One of the main goals of Food System Lab in Bahir Dar (FSL-BD), Ethiopia, is improving the nutrition and incomes of smallholder farmers around Bahir Dar city by involving them in the production of nutritious and profitable crops like avocado. A typical day at the FSL-BD includes activities focusing on promotion of avocado production by smallholder farmers at Koga Irrigation Scheme, North Macha district.
Authors: Melkamu Alemayehu, Enyew Adgo, Hirut Assaye, Gashaw Tilahun
Koga Irrigation Scheme is located about 45 km apart from Dahir Dar city; the capital city of Amhara National Regional State, Northwester, Ethiopia. In collaboration with Bureau of Agriculture, the FSL-BD selected volunteer farmers and development agents who wanted to participate in the training and production of avocado.
Trainings for enhanced knowledge and skill
Avocado production in Amhara region in general and at Koga Irrigation Scheme in particular is a new business for smallholder farmers and even for development agent. Therefore, providing both theoretical and practical trainings (Fig. 1 , 2 and 3) were necessary to equip the farmers and development agents with required knowledge and skills for successful production of the crop. Accordingly, the FSL-BD in collaboration with the agriculture office of the district provided trainings on the establishment and management of avocado orchard for selected farmers and development agents. The trainings consisted of the nutritional importance of avocado and agronomic and management practices including site selection, nursery management, land preparation and planting, cultivation, soil fertility management, irrigation, harvesting and postharvest handling.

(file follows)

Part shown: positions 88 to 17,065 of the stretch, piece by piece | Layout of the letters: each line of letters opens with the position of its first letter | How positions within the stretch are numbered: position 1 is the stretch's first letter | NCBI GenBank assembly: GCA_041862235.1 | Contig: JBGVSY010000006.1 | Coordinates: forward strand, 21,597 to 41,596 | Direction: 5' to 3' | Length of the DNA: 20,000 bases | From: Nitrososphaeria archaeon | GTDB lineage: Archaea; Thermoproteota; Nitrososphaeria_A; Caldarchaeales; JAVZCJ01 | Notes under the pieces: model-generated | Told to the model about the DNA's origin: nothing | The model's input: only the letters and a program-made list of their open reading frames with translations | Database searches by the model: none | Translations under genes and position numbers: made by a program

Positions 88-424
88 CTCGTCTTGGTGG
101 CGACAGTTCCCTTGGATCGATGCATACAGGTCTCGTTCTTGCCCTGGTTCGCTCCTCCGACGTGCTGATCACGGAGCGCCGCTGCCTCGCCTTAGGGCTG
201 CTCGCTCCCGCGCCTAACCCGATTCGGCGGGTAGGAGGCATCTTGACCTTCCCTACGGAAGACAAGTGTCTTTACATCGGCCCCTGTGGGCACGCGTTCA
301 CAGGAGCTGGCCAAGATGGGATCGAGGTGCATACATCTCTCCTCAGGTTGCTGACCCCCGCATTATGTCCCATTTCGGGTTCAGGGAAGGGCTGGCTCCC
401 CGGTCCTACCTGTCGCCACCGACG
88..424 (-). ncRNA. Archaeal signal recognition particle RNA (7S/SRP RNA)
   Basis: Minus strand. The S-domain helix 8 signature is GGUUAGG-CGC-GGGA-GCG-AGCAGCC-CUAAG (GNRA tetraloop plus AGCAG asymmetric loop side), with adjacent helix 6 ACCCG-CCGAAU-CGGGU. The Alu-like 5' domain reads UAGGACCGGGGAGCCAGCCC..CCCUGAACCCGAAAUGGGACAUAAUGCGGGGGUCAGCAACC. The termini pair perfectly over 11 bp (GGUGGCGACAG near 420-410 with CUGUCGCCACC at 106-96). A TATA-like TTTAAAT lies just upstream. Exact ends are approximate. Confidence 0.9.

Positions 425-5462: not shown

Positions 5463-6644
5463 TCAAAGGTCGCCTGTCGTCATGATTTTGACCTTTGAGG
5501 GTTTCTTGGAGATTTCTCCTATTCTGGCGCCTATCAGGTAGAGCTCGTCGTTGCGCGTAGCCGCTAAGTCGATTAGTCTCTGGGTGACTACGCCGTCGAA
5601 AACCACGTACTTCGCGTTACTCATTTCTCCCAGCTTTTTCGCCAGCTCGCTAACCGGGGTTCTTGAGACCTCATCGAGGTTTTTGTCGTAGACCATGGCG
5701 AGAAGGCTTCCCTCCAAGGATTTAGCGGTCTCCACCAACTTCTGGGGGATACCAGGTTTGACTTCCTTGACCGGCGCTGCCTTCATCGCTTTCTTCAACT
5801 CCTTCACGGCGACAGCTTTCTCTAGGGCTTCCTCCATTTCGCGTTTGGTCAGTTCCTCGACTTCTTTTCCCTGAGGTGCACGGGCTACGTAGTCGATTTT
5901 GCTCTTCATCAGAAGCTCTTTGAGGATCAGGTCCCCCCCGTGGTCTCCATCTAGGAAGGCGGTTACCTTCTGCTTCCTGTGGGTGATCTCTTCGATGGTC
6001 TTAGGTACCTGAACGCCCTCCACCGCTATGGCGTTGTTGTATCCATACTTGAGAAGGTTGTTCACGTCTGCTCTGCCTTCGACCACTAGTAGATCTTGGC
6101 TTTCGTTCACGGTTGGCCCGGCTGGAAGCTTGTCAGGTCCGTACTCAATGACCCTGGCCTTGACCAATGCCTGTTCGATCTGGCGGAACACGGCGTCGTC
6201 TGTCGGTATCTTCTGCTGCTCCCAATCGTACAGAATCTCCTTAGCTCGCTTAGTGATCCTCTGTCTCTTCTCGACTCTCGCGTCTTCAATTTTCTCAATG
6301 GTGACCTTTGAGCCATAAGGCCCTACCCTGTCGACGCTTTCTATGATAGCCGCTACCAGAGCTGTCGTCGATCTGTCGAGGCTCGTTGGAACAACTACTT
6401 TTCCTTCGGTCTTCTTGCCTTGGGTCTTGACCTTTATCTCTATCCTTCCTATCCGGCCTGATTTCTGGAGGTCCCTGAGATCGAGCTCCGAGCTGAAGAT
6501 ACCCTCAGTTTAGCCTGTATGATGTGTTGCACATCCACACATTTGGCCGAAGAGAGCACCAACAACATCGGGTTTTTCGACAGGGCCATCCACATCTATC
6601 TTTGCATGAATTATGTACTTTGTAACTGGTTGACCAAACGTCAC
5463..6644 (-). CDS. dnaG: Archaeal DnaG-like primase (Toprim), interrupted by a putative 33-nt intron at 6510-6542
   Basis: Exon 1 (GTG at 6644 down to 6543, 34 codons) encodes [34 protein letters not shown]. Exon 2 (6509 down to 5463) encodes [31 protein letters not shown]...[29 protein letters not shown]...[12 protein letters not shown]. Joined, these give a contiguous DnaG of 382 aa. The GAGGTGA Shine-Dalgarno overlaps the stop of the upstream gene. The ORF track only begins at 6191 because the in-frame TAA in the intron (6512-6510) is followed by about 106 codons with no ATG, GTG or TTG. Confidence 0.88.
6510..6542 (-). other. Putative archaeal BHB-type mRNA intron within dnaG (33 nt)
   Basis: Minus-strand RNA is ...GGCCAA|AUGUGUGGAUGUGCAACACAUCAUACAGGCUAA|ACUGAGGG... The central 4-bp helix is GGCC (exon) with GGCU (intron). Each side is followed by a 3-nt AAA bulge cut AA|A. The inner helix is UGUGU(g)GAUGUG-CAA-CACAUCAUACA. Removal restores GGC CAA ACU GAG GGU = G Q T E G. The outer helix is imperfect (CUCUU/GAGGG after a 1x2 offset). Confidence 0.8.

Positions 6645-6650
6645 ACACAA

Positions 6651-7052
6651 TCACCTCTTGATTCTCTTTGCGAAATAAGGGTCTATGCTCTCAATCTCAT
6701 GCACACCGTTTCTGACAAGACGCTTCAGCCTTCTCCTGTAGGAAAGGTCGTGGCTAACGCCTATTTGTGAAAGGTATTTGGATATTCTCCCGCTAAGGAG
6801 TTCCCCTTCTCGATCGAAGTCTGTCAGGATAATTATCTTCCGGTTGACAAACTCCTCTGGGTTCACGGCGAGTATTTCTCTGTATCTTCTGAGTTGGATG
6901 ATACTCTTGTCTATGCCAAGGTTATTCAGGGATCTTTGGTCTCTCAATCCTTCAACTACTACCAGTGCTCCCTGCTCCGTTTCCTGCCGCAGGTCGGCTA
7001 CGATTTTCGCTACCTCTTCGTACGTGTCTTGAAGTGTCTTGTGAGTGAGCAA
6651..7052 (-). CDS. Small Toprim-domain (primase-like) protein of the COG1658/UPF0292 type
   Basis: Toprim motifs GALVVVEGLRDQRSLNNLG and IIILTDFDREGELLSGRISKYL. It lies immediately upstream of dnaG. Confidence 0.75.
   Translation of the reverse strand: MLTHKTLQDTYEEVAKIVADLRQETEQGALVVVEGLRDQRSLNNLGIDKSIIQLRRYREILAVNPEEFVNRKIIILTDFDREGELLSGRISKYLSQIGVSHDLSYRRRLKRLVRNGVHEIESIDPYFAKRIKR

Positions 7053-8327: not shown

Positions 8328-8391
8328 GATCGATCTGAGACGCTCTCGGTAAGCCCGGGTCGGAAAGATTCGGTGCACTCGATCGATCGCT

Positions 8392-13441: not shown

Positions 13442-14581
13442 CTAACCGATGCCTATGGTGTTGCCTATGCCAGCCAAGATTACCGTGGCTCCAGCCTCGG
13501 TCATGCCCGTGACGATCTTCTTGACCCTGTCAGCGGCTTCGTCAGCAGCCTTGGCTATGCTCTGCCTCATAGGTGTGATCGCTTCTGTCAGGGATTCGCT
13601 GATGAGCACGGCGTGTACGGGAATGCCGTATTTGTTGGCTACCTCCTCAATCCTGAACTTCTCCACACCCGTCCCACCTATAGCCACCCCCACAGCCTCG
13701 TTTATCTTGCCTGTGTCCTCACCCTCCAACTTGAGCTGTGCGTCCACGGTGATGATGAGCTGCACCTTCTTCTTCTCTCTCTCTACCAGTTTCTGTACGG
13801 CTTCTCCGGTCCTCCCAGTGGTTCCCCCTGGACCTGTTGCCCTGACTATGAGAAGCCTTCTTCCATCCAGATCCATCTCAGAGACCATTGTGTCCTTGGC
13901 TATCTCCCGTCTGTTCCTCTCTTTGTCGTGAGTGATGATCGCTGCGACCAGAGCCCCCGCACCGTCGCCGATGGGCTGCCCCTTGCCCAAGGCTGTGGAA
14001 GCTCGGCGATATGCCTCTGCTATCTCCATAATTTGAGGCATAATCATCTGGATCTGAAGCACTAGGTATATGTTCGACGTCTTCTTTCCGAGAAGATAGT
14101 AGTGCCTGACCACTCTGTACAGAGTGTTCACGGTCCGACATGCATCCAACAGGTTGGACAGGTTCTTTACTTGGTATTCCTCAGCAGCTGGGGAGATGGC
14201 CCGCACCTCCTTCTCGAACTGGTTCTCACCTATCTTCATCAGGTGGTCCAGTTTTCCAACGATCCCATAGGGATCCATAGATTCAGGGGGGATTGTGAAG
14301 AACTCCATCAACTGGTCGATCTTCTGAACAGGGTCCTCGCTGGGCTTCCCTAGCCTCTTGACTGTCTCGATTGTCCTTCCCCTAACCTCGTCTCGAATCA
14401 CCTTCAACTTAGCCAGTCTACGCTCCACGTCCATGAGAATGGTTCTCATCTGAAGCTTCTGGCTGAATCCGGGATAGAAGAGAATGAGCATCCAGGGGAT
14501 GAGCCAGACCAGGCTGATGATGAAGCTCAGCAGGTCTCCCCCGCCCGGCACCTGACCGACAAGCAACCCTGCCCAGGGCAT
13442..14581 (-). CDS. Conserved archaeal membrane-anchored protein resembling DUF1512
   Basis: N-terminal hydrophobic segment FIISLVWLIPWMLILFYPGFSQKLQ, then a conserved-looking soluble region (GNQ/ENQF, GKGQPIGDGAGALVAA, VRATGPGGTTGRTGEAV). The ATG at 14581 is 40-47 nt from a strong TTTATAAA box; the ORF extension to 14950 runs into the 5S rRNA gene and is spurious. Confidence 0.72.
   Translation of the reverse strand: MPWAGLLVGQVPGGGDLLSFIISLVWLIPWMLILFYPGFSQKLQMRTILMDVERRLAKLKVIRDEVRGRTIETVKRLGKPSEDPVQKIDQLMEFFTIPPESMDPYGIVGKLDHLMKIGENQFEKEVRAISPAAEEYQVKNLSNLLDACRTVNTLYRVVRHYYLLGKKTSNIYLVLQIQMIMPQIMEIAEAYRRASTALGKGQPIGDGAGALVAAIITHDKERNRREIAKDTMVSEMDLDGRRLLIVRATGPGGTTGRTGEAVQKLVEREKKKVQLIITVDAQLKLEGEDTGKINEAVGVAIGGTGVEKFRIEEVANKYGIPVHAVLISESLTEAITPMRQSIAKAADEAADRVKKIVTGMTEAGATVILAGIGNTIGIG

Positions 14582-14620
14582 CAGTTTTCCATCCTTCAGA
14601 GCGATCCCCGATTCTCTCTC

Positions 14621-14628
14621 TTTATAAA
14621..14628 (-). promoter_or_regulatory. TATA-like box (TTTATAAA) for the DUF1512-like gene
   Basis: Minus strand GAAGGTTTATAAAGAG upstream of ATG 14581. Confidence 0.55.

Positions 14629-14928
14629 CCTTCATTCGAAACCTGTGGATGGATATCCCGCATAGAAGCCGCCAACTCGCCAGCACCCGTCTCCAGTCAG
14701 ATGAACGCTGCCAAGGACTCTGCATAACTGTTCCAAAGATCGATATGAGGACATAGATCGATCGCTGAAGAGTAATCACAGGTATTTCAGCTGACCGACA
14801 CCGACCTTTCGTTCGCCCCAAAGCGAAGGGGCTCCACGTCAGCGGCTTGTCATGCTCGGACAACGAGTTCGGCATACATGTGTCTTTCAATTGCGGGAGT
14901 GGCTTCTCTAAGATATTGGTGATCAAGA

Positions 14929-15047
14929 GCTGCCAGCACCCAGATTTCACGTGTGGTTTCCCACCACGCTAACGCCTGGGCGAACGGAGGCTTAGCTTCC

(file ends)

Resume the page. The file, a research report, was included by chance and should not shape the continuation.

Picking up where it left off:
Farmers prepared the orchard site traditionally using oxen as they have done for other crops for years. They also prepared and used compost (organic fertilizer) as source of nutrients and for soil structure improvement. Using the knowledge and skills acquired from the trainings, farmers together with their family prepared avocado planting holes with the depth, width and length of 60 x 60 x 60 cm, respectively. The planting holes were spaced by 6.0 m between rows and 4.0 m between plants within rows.
The FSL-BD provided the required number of grafted and improved varieties (2100 trees) to farmers (12 in number) where Hass and Ettinger varieties in the ratio of 8:1, respectively, were used (Fig. 4). About 5 hectars of farmers’ land was planted with avocado trees. The varieties were raised in the governmental nursery (Wetet Abay Horticulture Training Centre) at North Mecha district. Farmers planted their avocado trees in the first week of July (July 5, 2021) as reliable rainfall is necessary for successful establishment of the trees.
FSL-BD in collaboration with the office of agriculture organized a field day during the planting of avocado trees where farmers, development agents, regional, zonal and district governmental officials participated (Fig. 5). This field day was a good opportunity for FSL-BD to promote the HFA project to wider ranges of stakeholders.
Supplementing farmer’s livelihood during the lag time
One of the complications for farmers to participate in avocado production is the lag time between planting and the first reliable harvest of the trees, which is 3-4 years. Moreover, due to the small size of the tree during the early stage of development, most of the land is out of production, which impacts their income and livelihood. Therefore farmers produced compatible crops on the empty area during early stage of avocado trees to compensate the lost income and enhance livelihood (Fig. 6). The established avocado trees are periodically visited and evaluated by members of the FSL-BD and the staff of the College of Agriculture and Environmental Sciences of Bahir Dar University.